Examples of Hollywood Accounting

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Winston Groom's price for the screenplay rights to his novel Forrest Gump included a share of the profits; however, due to Hollywood accounting, the film's commercial success was converted into a net loss, and Groom received nothing. As such, he has refused to sell the screenplay rights to the novel's sequel, stating that he cannot in good conscience allow money to be wasted on a failure.

Stan Lee filed and won a lawsuit after the producers of the movie Spider-Man cheated him out of his share of the profits of the movie. [4]

The estate of Jim Garrison sued Warner Bros. for their share of the profits from the movie JFK, which was based on Garrison's book On the Trail of the Assassins. [5]

Art Buchwald received a settlement after his lawsuit Buchwald v. Paramount over Paramount's use of Hollywood accounting. The court found Paramount's actions "unconscionable," noting that it was impossible to believe that a movie (1988's Eddie Murphy comedy Coming to America) which grossed US$350 million failed to make a profit, especially since the actual production costs were less than a tenth of that. Paramount settled for an undisclosed sum, rather than have its accounting methods closely scrutinized.

The film My Big Fat Greek Wedding was considered hugely successful for an independent film, yet according to the studio, the film lost money. Accordingly, the cast, with the exception of Nia Vardalos who had a separate deal, sued the studio for their part of the profits. The original producers of the film have also sued Playtone, HBO and Gold Circle Films due to Hollywood accounting practices because the studios have claimed that the film had actually lost $20 million. [6]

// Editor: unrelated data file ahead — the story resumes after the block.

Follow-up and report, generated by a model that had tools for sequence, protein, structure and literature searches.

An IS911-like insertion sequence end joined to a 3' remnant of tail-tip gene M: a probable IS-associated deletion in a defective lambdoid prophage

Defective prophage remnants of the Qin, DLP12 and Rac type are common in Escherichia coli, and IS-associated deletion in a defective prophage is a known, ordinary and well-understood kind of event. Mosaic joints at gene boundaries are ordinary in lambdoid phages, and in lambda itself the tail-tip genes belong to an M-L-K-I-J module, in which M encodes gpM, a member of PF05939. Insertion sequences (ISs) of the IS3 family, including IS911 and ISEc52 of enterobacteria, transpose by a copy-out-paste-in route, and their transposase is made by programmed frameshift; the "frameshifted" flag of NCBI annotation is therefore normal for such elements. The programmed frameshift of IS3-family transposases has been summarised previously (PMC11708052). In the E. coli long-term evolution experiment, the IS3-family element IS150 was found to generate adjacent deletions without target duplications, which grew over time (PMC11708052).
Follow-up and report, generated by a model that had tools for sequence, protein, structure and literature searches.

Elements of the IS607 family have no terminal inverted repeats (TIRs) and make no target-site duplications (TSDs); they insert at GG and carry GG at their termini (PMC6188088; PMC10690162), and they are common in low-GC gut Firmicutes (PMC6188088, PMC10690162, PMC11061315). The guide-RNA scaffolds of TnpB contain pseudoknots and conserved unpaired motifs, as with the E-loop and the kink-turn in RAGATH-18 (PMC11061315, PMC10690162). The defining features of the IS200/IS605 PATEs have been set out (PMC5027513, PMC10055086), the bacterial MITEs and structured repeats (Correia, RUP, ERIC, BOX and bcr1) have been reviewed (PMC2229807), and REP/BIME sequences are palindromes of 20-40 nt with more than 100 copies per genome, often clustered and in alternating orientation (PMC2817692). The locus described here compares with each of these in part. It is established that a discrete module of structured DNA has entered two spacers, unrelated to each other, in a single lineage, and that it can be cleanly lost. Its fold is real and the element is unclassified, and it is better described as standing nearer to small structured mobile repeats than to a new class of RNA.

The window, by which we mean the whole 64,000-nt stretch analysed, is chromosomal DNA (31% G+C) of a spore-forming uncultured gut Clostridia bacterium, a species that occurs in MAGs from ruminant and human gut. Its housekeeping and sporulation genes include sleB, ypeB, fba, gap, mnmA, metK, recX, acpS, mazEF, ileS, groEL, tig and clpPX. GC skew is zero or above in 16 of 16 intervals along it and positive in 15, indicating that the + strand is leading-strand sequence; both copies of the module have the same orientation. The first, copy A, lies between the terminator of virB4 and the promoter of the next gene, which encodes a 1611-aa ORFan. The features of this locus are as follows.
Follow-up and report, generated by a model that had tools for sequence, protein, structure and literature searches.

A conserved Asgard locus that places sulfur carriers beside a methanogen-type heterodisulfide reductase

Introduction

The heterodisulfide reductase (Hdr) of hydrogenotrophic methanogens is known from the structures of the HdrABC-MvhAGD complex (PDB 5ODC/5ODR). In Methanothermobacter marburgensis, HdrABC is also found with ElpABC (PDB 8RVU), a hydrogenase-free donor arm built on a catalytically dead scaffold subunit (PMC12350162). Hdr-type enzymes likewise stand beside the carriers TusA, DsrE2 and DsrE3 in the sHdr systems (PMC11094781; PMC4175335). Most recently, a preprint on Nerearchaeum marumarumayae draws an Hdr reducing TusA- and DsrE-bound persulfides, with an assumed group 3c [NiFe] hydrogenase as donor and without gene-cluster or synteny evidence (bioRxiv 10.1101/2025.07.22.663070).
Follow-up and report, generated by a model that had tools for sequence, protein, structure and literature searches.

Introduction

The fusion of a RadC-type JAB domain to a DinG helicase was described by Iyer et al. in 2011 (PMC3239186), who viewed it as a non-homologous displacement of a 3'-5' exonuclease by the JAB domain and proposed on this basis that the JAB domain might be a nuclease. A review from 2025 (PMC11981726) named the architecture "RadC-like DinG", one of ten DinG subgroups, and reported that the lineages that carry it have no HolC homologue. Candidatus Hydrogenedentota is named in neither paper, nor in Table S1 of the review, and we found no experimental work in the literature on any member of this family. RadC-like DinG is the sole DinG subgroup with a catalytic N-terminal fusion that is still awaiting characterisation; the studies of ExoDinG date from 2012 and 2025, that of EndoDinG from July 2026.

According to his publisher's website [7], fantasy novelist Peter S. Beagle is owed a substantial amount of money by Granada Media International, the current owner of the animated movie based on Beagle's book The Last Unicorn. Beagle's contract entitles him to 5% of the net profits in the animated property, and 5% of the gross revenues from any film-related merchandising. Granada apparently claims that the movie cost more to make than it took in, that it earned no money between 1986 and their acquisition of it in 1999, and the compounded interest on the loss adds up to several times what it cost to make. Beagle is currently attempting to raise sufficient funds to challenge Granada in court.

Hollywood accounting is not limited to movies. An example is the Warner Bros. television seriesBabylon 5 created by J. Michael Straczynski. Straczynski, who wrote 90% of the episodes in addition to producing the show, would receive a generous cut of profits if not for Hollywood accounting [citation needed]. The series, which was profitable in each of its five seasons from 1993–1998, has garnered more than US$1 billion for Warner Bros., most recently US$500 million in DVD sales alone. But in the last profit statement given to Straczynski, Warner Bros. claimed the property was $80 million in debt. "Basically," says Straczynski, "by the terms of my contract, if a set on a WB movie burns down in Botswana, they can charge it against B5's profits." [8]

Peter Jackson, director of The Lord of the Rings, and his studio Wingnut Films, brought a lawsuit against New Line Cinema after "an audit... on part of the income of The Fellowship of the Ring". Jackson has stated this is regarding "certain accounting practices", which may be a reference to Hollywood accounting. In response, New Line stated that their rights to a film of The Hobbit were time-limited, and since Jackson would not work with them again until the suit was settled, he would not be asked to direct The Hobbit, as had been anticipated. [9] 15 actors also are suing New Line Cinema claiming that they have never received their 5% of revenue from merchandise sold in relaton to the movie, which contains their likeness. [10]

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